A healthy aversion to smut
Head smut disease, caused by the fungus Ustilago kamerunensis, has a devastating impact on Napier grass, turning vigorous, impenetrable clumps of valuable livestock feed into thin, shrivelled stems. First reports of the disease from central Kenya some ten years ago, have since been followed by others from Tanzania, Uganda, Rwanda and the Congo. The problem is currently confined to relatively small areas, but the risk of spread throughout the region has made finding a solution a matter of urgency.
For smallholder dairy farmers in East Africa the threat posed by head smut is potentially very serious. Being able to provide enough good quality feed is by far the most important factor in achieving high milk quality and yield. A well fed animal produces two or three times more milk than an averagely fed one, and so long as a farmer has access to a reliable market, dairying can be a highly profitable activity. In some countries, such as Kenya, it remains the single most important rural enterprise in terms of contribution to household income and employment. Eighty percent of the country's marketed milk is produced by smallholders, and in the central region nearly three quarters of farming families keep dairy cattle. Most feed their animals through a cut-and-carry system, with Napier grass the most popular form of feed; crops of Napier are deliberately cultivated by farmers for the purpose. The demand for feed is so high, in fact, that some Kenyan coffee farmers, struggling to make money against the tide of falling prices, have found that they can earn more per hectare growing Napier for cattle. Even some landless farmers are benefiting, planting the grass along road verges to cut and sell.
Disease control is expensive, beyond the means of most smallholders. Hence the hope among scientists in the region that by identifying smut-resistant varieties of Napier they may be able to develop a more sustainable solution. Since 1992, scientists from the Kenyan Agricultural Research Institute (KARI) and the International Livestock Research Institute (ILRI) have been collaborating in trials of Napier varieties, and KARI have discovered two smut-resistant types that flourish in Kenyan conditions. The varieties, Kakamega 1 and 2, which were sourced from ILRI's field genebank in Ethiopia, are not as productive as the best of Kenya's local varieties, but have nevertheless proved extremely popular in smut-affected areas. In 2001 KARI's Muguga research station received numerous requests for Kakamega root splits, and some schools in the area are, at the request of parents, using school gardens to multiply the material.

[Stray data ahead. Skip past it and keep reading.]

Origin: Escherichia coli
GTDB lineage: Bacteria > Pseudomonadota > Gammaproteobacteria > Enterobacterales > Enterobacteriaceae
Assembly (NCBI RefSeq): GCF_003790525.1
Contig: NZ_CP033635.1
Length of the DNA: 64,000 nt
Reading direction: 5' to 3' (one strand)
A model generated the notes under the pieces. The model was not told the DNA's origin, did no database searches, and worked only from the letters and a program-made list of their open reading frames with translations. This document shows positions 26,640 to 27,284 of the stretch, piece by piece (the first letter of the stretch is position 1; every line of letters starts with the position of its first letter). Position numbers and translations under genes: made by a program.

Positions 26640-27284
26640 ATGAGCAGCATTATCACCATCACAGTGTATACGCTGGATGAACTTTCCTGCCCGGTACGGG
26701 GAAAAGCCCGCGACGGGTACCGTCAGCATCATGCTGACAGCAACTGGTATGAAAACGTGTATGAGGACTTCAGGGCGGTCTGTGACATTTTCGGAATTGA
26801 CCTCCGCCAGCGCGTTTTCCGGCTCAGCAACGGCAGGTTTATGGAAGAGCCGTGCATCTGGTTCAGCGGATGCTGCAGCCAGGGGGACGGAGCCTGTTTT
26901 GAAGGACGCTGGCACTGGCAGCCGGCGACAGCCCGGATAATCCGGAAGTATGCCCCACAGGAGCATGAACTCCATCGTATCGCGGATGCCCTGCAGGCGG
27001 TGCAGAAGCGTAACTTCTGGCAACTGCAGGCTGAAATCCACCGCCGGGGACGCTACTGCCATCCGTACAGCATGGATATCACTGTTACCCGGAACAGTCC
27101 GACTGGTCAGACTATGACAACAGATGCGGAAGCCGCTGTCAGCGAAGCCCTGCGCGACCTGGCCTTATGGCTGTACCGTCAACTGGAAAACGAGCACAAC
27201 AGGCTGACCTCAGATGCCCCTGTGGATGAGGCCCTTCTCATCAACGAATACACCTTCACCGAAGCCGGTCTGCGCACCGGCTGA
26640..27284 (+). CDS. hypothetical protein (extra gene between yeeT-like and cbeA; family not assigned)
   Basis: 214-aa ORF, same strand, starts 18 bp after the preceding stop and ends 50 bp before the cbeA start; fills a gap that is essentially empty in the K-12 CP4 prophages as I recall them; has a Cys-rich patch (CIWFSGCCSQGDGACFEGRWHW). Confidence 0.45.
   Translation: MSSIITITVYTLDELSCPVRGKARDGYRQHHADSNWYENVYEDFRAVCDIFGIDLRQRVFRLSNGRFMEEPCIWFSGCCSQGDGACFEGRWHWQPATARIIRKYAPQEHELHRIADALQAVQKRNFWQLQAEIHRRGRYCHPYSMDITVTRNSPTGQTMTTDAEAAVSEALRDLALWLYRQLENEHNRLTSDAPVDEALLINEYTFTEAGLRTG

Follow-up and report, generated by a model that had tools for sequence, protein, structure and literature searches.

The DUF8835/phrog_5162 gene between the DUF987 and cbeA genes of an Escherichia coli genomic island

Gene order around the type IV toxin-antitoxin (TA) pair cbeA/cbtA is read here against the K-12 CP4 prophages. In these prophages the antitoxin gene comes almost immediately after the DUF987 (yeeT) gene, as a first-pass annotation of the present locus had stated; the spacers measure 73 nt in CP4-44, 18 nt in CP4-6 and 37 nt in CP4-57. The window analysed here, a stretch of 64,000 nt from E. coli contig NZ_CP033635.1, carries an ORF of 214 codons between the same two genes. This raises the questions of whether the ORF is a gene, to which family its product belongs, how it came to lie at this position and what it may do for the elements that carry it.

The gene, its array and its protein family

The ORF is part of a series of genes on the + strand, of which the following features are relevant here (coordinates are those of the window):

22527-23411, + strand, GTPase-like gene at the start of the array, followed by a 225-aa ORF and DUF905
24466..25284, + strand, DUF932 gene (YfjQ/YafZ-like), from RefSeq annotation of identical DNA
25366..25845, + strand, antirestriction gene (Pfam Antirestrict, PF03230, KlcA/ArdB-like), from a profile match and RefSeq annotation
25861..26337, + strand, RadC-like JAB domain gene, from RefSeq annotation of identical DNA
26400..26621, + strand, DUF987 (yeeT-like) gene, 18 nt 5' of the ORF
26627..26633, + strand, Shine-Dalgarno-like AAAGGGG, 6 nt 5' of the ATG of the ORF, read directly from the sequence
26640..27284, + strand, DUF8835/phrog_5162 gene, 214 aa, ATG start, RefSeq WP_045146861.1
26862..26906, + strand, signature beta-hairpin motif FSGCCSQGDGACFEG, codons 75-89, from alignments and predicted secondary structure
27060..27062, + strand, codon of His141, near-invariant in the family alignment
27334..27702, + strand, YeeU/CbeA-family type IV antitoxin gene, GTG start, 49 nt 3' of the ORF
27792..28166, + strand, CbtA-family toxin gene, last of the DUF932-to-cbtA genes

Despite this success there remain some major hurdles to be overcome. An important one is the danger posed by the dependence on just two varieties. Napier grass is clonally propagated: new plants are genetically identical to the parent. With all the smut-resistant stock based on just two clones, the chances of that resistance being broken down are high. KARI and ILRI staff are therefore continuing to search their genebanks for other Napier lines that show smut-resistance potential. Their aim is to both increase the number of varieties that can be distributed, and also identify plants that combine both smut-resistance and high yields. Farmers are also continuing to use the Kakamega lines in their fields, and institute staff will experiment with different dissemination techniques. The hope is that the successful 'pathways' can then be used to spread new varieties as they become available.
Work on the smut problem has highlighted some important issues, both for farmers and for the scientific community. For farmers, it emphasises the potential of Napier grass. In future this potential may be enjoyed by many millions of livestock keepers in areas where Napier has never been grown before. Multi-locational trials in southern and eastern Africa, for example, have already identified several cold-tolerant varieties of Napier. Four lines being tested by the Ethiopian Agricultural Research Organisation have outperformed local grasses in fields as high as 2400m, and have substantially reduced feed costs. For the scientists, the success of the Napier trials has confirmed the importance of plant genebanks in helping to meet the challenges faced by resource-poor farmers, an importance further underlined, in terms of funding, by the establishment of the Global Conservation Trust in Johannesburg last year.